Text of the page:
Dietary intake of eicosapentaenoic acid (EPA) and docosahexaenoic acid (DHA) and diabetic nephropathy – cohort analysis of the Diabetes Control and Complications Trial (DCCT)

  1. Amanda I Adler, MD PhD (amanda.adler{at}addenbrookes.nhs.uk)1,3
  1. From the 1MRC Epidemiology Unit, Institute of Metabolic Science, Cambridge, UK
  2. 2Massachusetts General Hospital Diabetes Center and Harvard Medical School, Boston, Massachusetts, USA
  3. 3Wolfson Diabetes and Endocrine Clinic, Addenbrooke's Hospital, Institute of Metabolic Science, Cambridge, UK

Abstract

Objective: To investigate the association between dietary n-3 long-chain polyunsaturated fatty acids (n-3 LC-PUFAs) and the degree and development of albuminuria in type 1 diabetes.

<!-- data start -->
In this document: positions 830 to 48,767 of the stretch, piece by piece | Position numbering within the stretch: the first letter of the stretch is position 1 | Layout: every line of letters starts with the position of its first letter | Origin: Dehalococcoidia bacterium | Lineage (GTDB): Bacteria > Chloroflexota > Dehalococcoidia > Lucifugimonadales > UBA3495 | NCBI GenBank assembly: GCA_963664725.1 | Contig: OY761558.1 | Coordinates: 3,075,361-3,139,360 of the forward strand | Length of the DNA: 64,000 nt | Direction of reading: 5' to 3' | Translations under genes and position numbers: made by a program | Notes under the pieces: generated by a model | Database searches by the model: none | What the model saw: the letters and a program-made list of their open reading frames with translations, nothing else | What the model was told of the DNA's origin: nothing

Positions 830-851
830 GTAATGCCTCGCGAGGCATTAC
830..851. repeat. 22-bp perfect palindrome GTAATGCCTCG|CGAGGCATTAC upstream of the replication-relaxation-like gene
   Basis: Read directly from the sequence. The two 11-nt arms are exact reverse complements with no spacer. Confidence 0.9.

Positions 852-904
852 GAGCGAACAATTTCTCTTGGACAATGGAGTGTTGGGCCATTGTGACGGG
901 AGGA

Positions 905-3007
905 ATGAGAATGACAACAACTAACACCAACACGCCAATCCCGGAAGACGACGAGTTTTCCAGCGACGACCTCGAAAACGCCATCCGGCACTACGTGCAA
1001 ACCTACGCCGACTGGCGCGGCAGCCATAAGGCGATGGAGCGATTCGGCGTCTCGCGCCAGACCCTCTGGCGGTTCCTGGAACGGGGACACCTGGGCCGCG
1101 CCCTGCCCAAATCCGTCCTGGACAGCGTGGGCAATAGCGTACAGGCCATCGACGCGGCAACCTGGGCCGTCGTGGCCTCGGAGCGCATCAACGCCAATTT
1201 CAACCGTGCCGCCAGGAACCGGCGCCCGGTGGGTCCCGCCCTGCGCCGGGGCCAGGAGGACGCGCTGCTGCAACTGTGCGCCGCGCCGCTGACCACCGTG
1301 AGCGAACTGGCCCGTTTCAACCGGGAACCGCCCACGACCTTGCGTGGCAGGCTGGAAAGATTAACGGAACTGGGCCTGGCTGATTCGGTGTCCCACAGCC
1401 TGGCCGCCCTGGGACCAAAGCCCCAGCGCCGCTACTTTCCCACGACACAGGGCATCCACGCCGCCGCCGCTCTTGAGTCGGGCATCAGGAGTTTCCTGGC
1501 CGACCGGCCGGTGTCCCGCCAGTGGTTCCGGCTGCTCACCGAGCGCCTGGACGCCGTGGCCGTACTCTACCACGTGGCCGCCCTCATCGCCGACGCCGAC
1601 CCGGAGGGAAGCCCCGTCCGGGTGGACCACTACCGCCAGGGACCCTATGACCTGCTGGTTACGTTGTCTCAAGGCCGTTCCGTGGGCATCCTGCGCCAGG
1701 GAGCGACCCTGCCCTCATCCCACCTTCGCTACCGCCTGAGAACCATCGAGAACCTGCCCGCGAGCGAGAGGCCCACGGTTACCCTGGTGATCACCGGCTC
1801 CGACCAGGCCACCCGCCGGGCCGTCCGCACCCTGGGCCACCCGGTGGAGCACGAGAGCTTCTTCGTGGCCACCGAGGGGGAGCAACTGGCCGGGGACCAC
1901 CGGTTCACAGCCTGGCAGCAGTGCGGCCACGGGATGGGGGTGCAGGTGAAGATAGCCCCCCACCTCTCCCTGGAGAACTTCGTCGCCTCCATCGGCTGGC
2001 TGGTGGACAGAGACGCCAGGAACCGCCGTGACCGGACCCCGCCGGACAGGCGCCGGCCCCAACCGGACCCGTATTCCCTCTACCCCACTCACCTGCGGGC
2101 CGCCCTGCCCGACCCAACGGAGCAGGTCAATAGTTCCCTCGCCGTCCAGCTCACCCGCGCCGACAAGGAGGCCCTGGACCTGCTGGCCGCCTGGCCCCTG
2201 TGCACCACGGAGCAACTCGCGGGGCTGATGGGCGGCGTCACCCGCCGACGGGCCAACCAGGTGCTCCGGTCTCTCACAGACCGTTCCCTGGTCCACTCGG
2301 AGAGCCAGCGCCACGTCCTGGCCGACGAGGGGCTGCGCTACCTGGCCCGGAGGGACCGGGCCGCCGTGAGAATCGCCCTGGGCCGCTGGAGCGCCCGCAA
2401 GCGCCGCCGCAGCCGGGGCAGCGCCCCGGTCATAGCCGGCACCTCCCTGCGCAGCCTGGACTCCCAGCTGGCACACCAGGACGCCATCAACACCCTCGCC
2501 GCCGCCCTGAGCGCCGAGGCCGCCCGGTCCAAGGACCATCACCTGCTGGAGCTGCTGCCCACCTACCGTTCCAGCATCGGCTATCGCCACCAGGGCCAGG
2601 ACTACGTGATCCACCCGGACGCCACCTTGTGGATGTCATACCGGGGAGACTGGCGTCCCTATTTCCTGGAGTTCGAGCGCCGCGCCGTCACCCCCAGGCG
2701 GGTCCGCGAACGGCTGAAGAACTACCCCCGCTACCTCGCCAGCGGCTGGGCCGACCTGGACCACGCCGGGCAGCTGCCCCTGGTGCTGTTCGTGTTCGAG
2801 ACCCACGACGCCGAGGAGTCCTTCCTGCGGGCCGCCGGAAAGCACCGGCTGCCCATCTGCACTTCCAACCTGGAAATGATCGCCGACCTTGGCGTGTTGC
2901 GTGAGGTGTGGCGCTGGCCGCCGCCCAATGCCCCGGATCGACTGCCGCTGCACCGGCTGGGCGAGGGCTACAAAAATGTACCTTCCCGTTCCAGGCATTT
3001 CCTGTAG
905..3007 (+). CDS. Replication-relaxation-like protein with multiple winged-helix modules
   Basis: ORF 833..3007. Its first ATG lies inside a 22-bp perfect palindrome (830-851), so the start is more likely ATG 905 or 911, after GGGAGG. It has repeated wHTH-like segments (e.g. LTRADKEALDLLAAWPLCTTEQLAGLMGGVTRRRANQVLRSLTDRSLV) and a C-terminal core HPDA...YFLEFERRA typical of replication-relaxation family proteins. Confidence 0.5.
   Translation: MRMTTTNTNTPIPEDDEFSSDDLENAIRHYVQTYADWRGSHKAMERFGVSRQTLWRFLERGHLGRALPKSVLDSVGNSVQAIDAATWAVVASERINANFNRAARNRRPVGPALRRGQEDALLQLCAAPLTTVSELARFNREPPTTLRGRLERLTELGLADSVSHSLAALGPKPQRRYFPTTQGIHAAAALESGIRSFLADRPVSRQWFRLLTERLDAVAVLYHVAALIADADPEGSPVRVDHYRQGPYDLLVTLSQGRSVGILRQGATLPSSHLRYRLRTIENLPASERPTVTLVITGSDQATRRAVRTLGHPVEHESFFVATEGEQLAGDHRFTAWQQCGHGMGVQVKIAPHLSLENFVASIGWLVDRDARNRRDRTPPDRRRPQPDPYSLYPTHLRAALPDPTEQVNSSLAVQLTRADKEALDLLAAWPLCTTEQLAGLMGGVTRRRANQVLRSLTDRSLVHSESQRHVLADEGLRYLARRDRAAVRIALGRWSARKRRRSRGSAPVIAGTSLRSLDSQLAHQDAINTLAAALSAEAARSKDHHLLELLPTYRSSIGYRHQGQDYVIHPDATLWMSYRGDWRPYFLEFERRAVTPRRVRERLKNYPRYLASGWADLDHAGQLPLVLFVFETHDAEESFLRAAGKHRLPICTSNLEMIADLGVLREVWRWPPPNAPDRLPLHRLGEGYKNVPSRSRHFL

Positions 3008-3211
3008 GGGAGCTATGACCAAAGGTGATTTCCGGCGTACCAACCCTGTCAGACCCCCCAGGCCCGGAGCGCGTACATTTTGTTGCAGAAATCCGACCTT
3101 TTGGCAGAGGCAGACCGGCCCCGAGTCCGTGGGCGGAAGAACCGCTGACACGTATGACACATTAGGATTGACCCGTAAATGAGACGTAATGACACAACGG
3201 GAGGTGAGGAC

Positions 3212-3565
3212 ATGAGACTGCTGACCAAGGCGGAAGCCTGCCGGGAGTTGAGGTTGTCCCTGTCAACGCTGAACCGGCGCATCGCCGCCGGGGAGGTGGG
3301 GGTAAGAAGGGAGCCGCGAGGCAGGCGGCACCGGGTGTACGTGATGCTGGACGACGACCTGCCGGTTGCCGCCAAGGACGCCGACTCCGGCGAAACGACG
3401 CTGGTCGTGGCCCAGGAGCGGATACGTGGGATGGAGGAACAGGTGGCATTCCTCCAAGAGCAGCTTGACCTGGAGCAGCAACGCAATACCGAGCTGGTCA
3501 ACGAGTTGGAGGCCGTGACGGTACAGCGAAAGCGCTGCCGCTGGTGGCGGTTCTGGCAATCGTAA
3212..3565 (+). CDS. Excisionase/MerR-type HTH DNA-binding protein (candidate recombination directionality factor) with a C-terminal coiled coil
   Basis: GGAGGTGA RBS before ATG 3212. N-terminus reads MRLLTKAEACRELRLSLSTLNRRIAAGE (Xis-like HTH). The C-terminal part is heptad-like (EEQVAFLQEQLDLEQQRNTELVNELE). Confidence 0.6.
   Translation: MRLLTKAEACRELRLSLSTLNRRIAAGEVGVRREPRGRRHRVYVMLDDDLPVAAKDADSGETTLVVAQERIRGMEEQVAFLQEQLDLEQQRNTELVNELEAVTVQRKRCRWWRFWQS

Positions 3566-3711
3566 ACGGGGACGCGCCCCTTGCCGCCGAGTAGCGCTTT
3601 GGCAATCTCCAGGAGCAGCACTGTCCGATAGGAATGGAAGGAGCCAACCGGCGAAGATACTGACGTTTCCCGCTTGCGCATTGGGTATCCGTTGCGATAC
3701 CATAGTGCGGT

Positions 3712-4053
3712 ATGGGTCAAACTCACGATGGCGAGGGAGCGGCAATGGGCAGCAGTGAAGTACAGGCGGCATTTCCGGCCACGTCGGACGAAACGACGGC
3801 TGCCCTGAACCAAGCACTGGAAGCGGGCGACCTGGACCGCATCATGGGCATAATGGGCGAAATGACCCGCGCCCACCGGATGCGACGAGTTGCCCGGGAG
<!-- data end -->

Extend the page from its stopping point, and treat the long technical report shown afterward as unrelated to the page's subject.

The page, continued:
Methods: We analyzed longitudinal data from 1,436 participants in the Diabetes Control and Complications Trial. We defined average intake of eicosapentaenoic- and docosahexaenoic acid from diet histories. Urinary albumin excretion rates (UAER) were measured over 24 hours; incident albuminuria was considered the first occurrence of an UAER >40 mg/24 hr sustained for ≥1 year in normo-albuminuric individuals.

Results: In a mean follow-up of 6.5 years, we observed a lower mean UAER [difference 22.7 mg/24 hr (95% CI 1.6, 43.8)] in the top vs. bottom third of dietary n-3 LC-PUFAs, but found no association with incident albuminuria.

Conclusions: Dietary n-3 LC-PUFAs appear inversely associated with the degree, but not with the incidence of albuminuria in type 1 diabetes. These findings require further investigation in prospective studies.

Footnotes

    • Received December 9, 2009.
    • Accepted March 24, 2010.

This Article

  1. Diabetes Care
  1. All Versions of this Article:
    1. dc09-2245v1
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